Originally Posted by partipilopf
My dr suggested for me to have NAR SMR Turbinates done to my sinuses. Does anyone know what that means and can direct me to resources to learn more? I wanted to know the recovery period and if there's bruising involved.
I haven't had this done, but found out some info....
What are turbinates?
The turbinates are shelves on the side of the nose. The main ones are the middle and the inferior. They normally enlarge and shrink. They especially enlarge with a cold or infection because blood is coming to the area to fight infection. They enlarge with allergy, and become pale and swollen.
Sometimes they happen to be swollen on the day you see the doctor, and if you are complaining that your breathing feels blocked, it makes sense to reduce their size. Enlargement of the turbinates can, at times, be seen on an X- ray.
What Do Turbinates Do?
The turbinates serve a major function. They warm inhaled air before it enters the lungs. They are covered by millions of cilia which defend the body against contaigons and irritants in the inhaled air. They provide an environment for the good white blood cells, and a bacteria-fighting enzyme called lysozyme, to gather and fight infection. They act as a baffle to better direct the flow of air.
No matter how much your turbinates seem to cause you trouble, you don't want to just remove them. If you did, you would have dryness, crusting and sensations of burning pain. Doctors have therefore come up with various ways to reduce the blockage of your nasal passages without removing your turbinates and their cilia.
One technique is to just remove a small amount, not enough to take away too much cilia. In certain cases the position of the turbinates is such that the middle turbinate blocks sinus drainage. Here it is necessary to modify the turbinate to allow sinus drainage. Whatever is done to the turbinates, however, there are different ways of doing it.
One procedure is called a submucus resection of the turbinates. This means that you make an incision and lift up the turbinate skin called mucosa. Then you remove the bone so that the turbinate assumes a new position, close to the side walls. This technique usually preserves the cilia and all functions.
In yet another procedure, the turbinate is scored either with acid or a laser. Parallel lines are drawn with spaces in-between. Unfortunately, with this method you lose good cilia. A laser can be directed under the mucosa, so it only affects the tissue under the turbinate covering. I have seen patients loose some ciliary function with this method.
The physicians in our medical group use a radio frequency current to coagulate the material under the mucosa. This therapy is precisely directed, and does not damage nearby tissue as do other methods which generate heat. . It seems to be the best approach. It is an office procedure and is painless. This is the same system we use for snoring surgery or Somnoplasty, done in our office.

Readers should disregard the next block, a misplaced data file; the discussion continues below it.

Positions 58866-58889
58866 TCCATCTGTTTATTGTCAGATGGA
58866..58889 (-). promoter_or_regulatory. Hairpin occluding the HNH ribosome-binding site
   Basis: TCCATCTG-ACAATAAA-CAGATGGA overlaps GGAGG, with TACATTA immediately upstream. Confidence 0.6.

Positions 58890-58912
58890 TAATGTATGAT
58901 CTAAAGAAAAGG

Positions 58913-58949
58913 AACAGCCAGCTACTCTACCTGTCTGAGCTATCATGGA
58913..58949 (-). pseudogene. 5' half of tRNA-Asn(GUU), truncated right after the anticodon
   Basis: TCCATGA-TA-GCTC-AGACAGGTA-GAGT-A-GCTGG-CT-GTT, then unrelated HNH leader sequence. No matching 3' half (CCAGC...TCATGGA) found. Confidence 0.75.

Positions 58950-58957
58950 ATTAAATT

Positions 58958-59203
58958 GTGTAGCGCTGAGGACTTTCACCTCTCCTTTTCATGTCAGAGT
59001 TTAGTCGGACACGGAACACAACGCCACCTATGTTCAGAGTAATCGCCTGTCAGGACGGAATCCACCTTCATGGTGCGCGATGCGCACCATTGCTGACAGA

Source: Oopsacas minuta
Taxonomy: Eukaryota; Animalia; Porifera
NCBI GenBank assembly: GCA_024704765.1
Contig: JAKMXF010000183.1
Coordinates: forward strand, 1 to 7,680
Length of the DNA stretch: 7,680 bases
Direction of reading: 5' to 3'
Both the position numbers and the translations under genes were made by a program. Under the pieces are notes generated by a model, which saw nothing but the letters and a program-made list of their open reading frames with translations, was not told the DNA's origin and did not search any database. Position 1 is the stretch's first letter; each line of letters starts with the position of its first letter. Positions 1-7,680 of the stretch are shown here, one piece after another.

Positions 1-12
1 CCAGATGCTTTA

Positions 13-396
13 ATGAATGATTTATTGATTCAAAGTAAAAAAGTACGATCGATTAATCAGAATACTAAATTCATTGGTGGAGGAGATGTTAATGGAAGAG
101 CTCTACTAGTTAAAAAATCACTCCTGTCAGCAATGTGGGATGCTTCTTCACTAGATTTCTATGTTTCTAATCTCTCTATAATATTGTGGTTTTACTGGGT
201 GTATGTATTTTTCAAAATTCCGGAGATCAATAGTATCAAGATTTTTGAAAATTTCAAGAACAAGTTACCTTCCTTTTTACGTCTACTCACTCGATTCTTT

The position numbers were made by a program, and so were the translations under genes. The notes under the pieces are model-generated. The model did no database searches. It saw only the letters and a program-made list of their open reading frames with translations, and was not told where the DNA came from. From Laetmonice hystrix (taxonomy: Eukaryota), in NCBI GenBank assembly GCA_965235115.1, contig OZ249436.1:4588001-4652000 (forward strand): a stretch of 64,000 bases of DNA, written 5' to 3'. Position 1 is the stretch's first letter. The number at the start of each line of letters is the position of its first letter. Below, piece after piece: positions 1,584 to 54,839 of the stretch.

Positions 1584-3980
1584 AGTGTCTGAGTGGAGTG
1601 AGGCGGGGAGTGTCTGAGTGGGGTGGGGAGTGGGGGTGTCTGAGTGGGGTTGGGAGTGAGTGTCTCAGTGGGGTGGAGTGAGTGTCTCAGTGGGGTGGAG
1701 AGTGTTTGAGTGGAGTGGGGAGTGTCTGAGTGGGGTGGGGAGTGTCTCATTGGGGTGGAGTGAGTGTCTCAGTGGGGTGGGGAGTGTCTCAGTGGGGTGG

Sleeping and Turbinates
The turbinates are important for the sleep mechanism. When you sleep, you are supposed to turn some 50 times a night. This prevents you from getting pressure sores. What happens is that you sleep on the right side, with the right turbinate down. After a time, this right turbinate fills up with fluid, and expands so that it pushes against the septum in the mid line and this makes you turn on the left side until that side fills up and turns you again. This is why when you sleep cramped, where you can't turn, you get achey muscles and bed sores.
Turbinates and The Common Cold
Many factors contribute to getting colds, some rather surprising. It is generally believed that the viruses spread more easily during winter because we tend to spend more time indoors in poorly ventilated rooms. Another factor could be that sunlight kills viruses and that there is far less sunlight during the dark days of winter. However, in recent years these explanations of the seasonality of common colds have been modified as scientists have realized that changes in the weather affect humans in unexpected ways. The cold wet weather and lack of sunlight certainly makes many of us feel 'under the weather', or depressed, and these psychological changes can reduce the effectiveness of our immune system. However, not everyone who lives in cold places gets colds frequently, so there are other factors which we are still trying to figure out.
We do know that poor ciliary function increases the risk of contracting a cold. This is one of the reasons that getting chilled is associated with contracting a cold: when one gets chilled, the ciliary function is decreased.
Pulsatile nasal irrigation helps improve poor turbinate function. The pulsating action of the saline beating against the cilia help the cilia come back to moving at their normal speed. The pulsation also acts in a massaging manner to bring more circulation to the turbinates. The rinsing action of the saline removes thick mucus, which allows the turbinate cilia to recover. The removal of certain virus receptors called ICAM 1 and bacteria may help significantly in reducing colds.
Strange as it may seem, the cilia of the oyster work the same as the cilia of the nose and respiratory tract. If the water is stagnant, the cilia slow down. If you agitate the water, the cilia speed up. In humans, the pulsating saline provides the agitation to speed up the ciliary motion to the speed of healthy cilia.
Hope that helped. I learned something new. Maybe someone on here has had it done and give you thier take. Good luck!